The company was found by Gerard Philips and his father in 1892. While Gerard excelled in the technology he lacked business skills and it almost cost the company a bankruptcy. Soon his brothers Anton, a successful salesman joined the company and took over the business side of it. The company grew very fast from its initial factory in Eindhoven, the Netherlands, and already in the first years of the 20th century exported its products to practically every continent. At the same time, the company stayed focused on the lighting products and invested heavily in research and innovation.

By 1926 Philips began to diversify its product range to radios, then four years later to X-ray tubes, and soon maintained a leading position in these domains. Still, the company kept production in its home country. In 1930s, during the Great Depression, due to trade barriers and high import tariffs, the firm was forced to build local factories to save its oversees sales. Then in anticipating the World War Two, Philips further invested in UK and US divisions that contributed to company’s growth during that period. Eindhoven facilities were destroyed during the war and had to be completely rebuild.

After the war, Philips was rebuild based on national organisations (NOs). This strategy enabled the firm to response better to country-specific markets and technology conditions (e.g., incompatible video formats NTSC versus PAL versus SECAM, different attitudes in size requirements, etc). At that time, globalisation was still beyond the horizon and in such environment, the independent NOs could adapt to the local markets better.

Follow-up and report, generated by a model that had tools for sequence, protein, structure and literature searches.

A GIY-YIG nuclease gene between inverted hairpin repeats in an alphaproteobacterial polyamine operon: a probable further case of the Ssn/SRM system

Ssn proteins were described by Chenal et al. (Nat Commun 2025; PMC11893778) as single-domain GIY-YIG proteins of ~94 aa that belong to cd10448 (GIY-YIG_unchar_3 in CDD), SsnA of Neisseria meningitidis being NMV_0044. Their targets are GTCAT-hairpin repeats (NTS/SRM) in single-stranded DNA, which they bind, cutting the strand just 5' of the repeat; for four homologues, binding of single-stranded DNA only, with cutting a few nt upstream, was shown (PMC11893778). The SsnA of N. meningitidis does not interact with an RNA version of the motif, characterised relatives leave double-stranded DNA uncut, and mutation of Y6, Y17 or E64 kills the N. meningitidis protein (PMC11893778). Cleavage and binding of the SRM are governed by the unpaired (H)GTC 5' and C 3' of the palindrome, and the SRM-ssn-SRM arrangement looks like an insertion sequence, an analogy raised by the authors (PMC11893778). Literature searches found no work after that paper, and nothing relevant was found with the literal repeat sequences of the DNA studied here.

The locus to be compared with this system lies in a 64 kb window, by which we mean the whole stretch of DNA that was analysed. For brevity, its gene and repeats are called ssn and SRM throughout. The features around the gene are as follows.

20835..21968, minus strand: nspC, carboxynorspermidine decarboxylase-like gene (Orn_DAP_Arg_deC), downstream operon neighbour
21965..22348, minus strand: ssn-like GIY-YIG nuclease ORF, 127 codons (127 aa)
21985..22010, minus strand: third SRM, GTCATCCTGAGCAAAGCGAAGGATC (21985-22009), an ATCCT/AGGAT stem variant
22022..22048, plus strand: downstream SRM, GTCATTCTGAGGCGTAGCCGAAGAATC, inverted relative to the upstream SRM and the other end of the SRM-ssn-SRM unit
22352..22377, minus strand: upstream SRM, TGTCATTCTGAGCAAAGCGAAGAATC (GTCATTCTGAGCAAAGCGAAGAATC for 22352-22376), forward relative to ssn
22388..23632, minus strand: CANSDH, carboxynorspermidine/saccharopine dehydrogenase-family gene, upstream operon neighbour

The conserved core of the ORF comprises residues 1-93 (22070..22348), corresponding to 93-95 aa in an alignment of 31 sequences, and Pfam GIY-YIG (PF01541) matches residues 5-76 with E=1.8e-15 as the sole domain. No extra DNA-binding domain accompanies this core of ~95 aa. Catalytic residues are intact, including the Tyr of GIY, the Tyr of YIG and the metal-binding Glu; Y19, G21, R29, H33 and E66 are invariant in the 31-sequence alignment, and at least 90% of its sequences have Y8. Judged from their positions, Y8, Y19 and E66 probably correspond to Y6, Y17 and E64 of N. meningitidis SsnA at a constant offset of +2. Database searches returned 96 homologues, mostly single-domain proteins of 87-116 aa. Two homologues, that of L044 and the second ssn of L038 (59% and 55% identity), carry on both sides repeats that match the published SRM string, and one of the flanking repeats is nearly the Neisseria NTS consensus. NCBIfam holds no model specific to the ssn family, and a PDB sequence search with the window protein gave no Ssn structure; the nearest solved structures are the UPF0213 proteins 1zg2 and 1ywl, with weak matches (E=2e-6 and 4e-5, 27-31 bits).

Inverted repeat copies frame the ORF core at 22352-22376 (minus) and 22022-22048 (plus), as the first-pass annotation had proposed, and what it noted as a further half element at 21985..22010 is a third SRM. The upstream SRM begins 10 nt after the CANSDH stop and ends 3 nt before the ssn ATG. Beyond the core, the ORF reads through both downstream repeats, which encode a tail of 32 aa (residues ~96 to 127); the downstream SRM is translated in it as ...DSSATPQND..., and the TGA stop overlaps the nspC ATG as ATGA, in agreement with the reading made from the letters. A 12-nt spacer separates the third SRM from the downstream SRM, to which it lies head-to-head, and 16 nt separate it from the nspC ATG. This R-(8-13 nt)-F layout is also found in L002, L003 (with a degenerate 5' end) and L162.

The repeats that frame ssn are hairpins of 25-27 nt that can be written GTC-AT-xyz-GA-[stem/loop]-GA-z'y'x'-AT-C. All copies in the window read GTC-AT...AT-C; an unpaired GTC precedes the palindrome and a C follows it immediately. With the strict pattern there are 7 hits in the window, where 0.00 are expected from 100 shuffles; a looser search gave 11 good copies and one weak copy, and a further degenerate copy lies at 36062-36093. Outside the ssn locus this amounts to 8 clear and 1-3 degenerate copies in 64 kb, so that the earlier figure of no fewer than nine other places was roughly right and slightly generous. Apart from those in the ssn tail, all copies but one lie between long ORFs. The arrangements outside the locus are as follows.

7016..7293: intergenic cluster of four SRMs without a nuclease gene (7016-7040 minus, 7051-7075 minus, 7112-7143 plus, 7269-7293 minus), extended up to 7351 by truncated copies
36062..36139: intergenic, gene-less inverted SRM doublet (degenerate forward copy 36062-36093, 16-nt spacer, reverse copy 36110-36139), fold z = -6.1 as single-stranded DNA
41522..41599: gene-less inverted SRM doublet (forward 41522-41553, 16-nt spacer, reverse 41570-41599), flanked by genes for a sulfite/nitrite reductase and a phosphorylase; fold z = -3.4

By drawing bottom line on first 70 years of company existence, one needs to highlight two factors that later on created obstacles to overall company performance: (1) misbalance in power to NOs and (2) fanatical focus on innovation. The former (1) was perfectly inline with original style of its owners, one side (NOs) would focus on business, i.e., sales; another, on innovation. In earlier 1960s there were 14 product divisions (PDs) in Eindhoven responsible for development, production, and global distribution. The situation polarised to the extreme when US organisation gave up on supreme Video2000 format for video recorders developed by Philips and adopted Matsushita’s VHS. The latter (2) issue is somewhat interrelated with the fact that PDs and the company centre in Eindhoven were strongly influenced by people who grew out of the technical domain and tried to fiercely push technology. “Let’s make things better” was associated with continuous and often unsound product improvements, and many business people would love to paraphrase it to “Let’s better make things.”

As the consequence, company’s performance plummeted and this all brought the company to a big challenge to stay competitive and profitable in the future. During the next thirty years, Philips top-managers would reshuffle the company many-many times trying to improve the situation. However, it wasn’t until late 1990s when Philips started to show promising signs of the breakthrough in its performance.

Further on this paper will analyse the industry Philips is in and have a closer look on the company’s strategy in the period between 1970 and nowadays. It will also try to map company’s strategy on its performance and finally draw conclusions learned from this case-study.

2 Responses

  1., quite some time after this blog went public (the original report was written in 2006), the company decided to launch new marketing campaign “Philips, of course”.

    The official site is that is forwarded to, not so jingly as 😉

  2. Looks like the Dutch paid for the special report in The Economist as nearly every article features Philips medical and health products and technologies:

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